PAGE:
EXCLUSIVE CONTENT INCLUDED: audio and photo gallery (below)
NL 42 An interview and top concerns for female seafaring cadets
Iman Fiqrie, Lecturer
Interview with female seafaring cadets
During an interview with 4 senior female cadets at the Malaysian Maritime Academy (MMA), also known as Akademi Laut Malaysia (ALAM), a few questions were asked about the top few issues or concerns for female cadets. The cadets we’ll call Nicole, Fatimah, Hamidah and Atiah were more than happy to share these concerns in a candid interview during a break while taking a recent Proficiency in Survival Craft course.
No special consideration for lady seafarers
During the candid seaside interview, I got the message loud and clear that they don’t want or need special consideration when doing job tasks! They expressed that they may not be able to get it done in 4 hours, but who says it had to be done in 4 hours in the first place, only that it had to be done! Give them time to do it. Besides, even they [the men] had to use chain blocks to move equipment– we can also rig a chain a block! I mentioned this to a few men who then also gave candid but expected responses like “time is money” and they are weak!
Another concern by these female cadets was that their male counterparts were attempting to discourage them from pursuing the seafaring line of work, e.g., telling them not to pursue foreign going certificates as these women find it hard to communicate by normal means at sea because of the distances from land and the women get “bored” and need company. They felt these were ways to discourage female cadets from pursuing such a career as they should be at home.
Personal female seafarer cadet issues
One of the more personal issues all the female cadets seemed to want answers to was on the disposal of sanitary napkins onboard ship– or at least official guidance and recognition of the issue vice developing or using home grown methods they pass to one another by word of mouth and experience. The most popular method seems to be washing them out and wrapping them in plastic bags and putting them with other plastic trash.
Women not accepted
Not surprisingly, the women felt that they were not fully accepted in the maritime industry. However, Atiah, made it clear from discussions she had with her parents that once the decision was made to pursue the seafarer line of work that she should stick with and stick with it she seems to be doing! She also says many of the ships she’s been on have never had a women or female cadet as crew onboard and don’t know how to treat them. When asked what she meant by not knowing how to treat them, Atiah suggested that men don’t know a woman’s limitations during her monthly menstruation. Generally this is not a topic men talk about, but it seemed important and relevant to these lady seafarers!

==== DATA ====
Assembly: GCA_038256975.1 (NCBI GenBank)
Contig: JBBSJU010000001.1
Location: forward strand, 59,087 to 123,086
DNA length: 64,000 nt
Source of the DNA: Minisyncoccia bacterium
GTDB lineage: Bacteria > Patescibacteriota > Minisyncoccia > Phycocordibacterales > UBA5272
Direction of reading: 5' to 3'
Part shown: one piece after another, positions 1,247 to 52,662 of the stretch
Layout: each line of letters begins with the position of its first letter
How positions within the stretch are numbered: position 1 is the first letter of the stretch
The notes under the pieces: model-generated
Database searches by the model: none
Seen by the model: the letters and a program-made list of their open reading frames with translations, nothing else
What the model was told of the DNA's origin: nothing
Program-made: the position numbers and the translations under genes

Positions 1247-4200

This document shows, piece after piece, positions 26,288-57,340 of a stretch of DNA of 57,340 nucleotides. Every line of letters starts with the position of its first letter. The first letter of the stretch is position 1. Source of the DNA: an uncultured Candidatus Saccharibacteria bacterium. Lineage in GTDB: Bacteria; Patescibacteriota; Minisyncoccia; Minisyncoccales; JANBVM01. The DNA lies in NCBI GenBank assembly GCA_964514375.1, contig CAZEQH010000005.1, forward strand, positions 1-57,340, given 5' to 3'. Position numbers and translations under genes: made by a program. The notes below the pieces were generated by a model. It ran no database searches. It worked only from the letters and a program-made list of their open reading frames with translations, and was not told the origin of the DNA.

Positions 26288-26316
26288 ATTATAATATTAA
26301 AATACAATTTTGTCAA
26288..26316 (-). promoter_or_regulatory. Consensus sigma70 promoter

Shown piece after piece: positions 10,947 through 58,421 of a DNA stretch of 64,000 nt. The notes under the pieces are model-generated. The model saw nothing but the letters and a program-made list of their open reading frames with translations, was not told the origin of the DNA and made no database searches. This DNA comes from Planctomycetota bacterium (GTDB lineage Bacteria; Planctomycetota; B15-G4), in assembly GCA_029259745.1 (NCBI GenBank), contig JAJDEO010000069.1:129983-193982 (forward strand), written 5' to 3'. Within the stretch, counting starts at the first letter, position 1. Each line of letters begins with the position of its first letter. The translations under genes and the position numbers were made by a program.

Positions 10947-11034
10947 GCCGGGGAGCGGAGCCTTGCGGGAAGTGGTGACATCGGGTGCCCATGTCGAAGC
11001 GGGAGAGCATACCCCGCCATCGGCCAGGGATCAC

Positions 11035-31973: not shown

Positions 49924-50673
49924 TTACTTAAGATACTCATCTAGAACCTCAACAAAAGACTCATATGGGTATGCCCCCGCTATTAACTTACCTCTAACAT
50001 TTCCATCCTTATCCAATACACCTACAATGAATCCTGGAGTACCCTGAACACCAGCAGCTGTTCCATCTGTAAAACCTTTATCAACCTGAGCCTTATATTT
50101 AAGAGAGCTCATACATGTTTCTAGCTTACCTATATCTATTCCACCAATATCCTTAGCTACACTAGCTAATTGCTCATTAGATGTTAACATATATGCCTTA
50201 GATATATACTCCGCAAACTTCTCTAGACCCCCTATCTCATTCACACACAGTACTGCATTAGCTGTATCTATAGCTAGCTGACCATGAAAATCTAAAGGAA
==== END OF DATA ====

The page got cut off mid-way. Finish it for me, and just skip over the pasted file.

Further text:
Seafaring a man’s territory
Hamidah , seemed to feel that seafaring was a man’s territory and being a engine cadet– the work was going to be tough for her. She also suggested that men expected her to be strong like them, but that they should know we are different– yet, the men want us to become like them; she went on to state that, “I cannot except that!” When asked about that, she suggested, “In anyway, I cannot be like them, I cannot be strong like them, I have a limit and they have to understand that!”
Women more accepted in corporate America than at sea
Nicole seems to feel that maybe in a corporate world people wouldn’t underestimate women, not take her serious nor look down upon her! However, when it comes to onboard, people will say “this kind of women can’t…”. Nicole comments further that, “We can reach there, but it may take four chain blocks instead of three!”
Don’t underestimate female seafarers
Fatimah agrees with most of it and adds that they meet so many people while sailing and most of them are ok and don’t underestimate them, some others really underestimate us– like we cannot do tough jobs; we can do because men also use some of the same apparatus when doing overhauls and tough jobs. When it comes time for major overhaul of pumps, attached pumps or going into small spaces they won’t ask us to do it– I will try my best!